Glamour Pam (right) as she was shown on the BBC Africa documentary Fake Me: Living For Likes
But the BBC Africa documentary, which looked at how people portray themselves differently on social media, was edited because of concerns about adverse reaction in some of the more conservative African countries where it was shown, prompting a debate at the BBC about whether the corporation should be censoring women’s bodies.
“The decision to deal with Pam’s cleavage was made at senior editorial level at BBC Africa,” said one internal email discussing the incident and justifying the decision.
BBC in row over blurring cleavage of interviewee in Kenya (The Guardian)
Biddy Bitcoin writes:
This is surreal. Shambolic censorship of a woman’s body. Why?
Titses boob chocolate – a concept by Californian branding agency Tondo.
Well might you scoff.
At the Hugh Lane Gallery, Dublin
Tourist Natalia Puchalska viewing the stain glass window entitled Scandalous by artist Harry Clarke acquired by Dublin City Gallery The Hugh Lane and featuring an exposed breast.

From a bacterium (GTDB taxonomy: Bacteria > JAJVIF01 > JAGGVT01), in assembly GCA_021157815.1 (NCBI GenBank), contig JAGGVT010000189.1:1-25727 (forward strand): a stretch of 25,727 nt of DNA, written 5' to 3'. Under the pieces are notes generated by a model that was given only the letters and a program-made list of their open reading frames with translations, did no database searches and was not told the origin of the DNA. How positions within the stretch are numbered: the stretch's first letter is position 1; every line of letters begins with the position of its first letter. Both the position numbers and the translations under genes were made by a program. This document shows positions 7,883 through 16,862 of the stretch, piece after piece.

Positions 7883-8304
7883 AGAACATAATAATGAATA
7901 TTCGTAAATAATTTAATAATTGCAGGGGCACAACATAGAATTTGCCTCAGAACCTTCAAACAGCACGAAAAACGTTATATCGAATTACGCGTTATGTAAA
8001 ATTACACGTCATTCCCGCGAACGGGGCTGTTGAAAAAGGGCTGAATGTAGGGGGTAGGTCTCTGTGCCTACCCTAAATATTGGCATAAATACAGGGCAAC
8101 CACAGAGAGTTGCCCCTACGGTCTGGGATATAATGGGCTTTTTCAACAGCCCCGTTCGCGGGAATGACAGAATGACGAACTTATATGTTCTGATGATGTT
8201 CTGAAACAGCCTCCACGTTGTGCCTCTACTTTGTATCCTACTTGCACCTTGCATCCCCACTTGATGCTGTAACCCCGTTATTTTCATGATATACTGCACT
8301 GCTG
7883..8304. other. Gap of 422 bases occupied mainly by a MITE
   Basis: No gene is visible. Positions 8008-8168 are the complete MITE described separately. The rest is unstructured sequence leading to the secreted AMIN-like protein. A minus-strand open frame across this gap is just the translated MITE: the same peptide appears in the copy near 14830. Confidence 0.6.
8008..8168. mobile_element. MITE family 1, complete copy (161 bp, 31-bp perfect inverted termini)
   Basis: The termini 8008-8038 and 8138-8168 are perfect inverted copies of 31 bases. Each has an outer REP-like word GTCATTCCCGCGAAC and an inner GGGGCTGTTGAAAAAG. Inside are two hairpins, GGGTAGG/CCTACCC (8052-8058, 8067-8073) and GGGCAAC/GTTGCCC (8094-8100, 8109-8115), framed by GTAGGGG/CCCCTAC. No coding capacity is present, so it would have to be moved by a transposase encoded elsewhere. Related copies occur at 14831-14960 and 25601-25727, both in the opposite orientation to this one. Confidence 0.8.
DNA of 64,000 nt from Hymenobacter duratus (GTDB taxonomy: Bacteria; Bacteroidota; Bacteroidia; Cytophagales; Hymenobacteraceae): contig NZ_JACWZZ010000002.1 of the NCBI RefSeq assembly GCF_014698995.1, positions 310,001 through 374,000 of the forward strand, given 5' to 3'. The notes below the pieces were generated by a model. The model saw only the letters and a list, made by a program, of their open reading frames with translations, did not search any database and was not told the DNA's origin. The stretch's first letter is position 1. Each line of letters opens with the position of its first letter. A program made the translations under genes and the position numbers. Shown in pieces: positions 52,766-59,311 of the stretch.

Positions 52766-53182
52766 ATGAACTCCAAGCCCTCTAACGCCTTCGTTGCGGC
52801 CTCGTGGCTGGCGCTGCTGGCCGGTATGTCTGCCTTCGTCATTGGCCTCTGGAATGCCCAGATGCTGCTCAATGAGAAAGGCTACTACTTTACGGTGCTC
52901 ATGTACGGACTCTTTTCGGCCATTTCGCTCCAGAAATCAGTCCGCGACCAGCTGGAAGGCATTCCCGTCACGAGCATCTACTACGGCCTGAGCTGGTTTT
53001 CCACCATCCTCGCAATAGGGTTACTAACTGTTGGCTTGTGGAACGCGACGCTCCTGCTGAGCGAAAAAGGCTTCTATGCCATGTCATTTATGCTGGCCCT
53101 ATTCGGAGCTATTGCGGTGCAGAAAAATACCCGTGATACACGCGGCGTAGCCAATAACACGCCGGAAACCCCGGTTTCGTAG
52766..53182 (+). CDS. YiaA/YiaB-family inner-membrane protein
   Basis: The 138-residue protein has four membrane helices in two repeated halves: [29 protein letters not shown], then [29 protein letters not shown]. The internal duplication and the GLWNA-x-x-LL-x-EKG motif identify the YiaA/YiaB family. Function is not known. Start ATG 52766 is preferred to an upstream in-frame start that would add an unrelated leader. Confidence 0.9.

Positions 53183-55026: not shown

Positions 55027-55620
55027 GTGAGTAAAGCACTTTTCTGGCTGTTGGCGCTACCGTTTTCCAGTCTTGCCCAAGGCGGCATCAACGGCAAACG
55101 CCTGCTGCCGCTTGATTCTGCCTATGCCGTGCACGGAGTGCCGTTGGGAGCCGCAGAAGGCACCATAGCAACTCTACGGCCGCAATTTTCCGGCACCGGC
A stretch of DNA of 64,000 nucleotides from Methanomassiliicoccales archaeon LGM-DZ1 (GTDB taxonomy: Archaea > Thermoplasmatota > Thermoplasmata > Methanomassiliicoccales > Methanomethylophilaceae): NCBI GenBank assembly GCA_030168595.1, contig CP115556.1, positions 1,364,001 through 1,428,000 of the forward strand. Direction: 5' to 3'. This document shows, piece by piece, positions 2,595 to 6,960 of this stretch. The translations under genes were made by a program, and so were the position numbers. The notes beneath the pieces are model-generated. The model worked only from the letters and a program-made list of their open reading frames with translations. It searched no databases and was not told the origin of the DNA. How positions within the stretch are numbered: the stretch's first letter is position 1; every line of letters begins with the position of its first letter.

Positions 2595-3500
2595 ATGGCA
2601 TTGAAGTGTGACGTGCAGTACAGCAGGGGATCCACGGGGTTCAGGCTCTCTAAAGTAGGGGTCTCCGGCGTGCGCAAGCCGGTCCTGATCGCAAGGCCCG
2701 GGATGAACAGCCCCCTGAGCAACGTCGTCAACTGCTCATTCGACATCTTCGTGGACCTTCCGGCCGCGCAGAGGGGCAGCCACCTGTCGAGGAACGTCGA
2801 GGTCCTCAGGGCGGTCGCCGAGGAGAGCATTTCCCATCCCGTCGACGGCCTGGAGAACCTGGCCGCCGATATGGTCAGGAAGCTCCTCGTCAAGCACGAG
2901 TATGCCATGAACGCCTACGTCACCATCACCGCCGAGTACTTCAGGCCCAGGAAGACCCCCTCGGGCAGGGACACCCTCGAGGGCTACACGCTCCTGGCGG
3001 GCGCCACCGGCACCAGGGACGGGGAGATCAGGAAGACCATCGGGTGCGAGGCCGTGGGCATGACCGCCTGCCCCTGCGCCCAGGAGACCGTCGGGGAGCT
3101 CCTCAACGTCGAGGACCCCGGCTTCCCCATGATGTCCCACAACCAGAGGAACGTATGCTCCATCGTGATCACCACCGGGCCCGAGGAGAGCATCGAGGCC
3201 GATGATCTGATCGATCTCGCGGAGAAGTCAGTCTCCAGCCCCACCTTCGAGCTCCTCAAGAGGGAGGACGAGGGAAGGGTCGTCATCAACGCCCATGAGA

The work depicts a scene from Liam O’ Flaherty‘s novel ‘Mr Gilhooley’ – created for the Geneva Window of the League of Nations building in Geneva but deemed too risque by the Government of the day (1920s).
Earlier: A Limerick A Day
The stain glass window’s accompanying ‘scandalous’ text.
Thanks John Gallen
Joseph Aivalikli writes:
While browsing through old editions of the Dublin Gazette looking for laws to repeal as part of the Statute Law Revision Project, we stumbled upon this tissue of double entendres published by order of the King in 1773. I’m guessing the author was an intrepid Trinity geography student – or just someone who really, really liked boobs. Or both.
Full transcript for the blurry-eyed after the jump.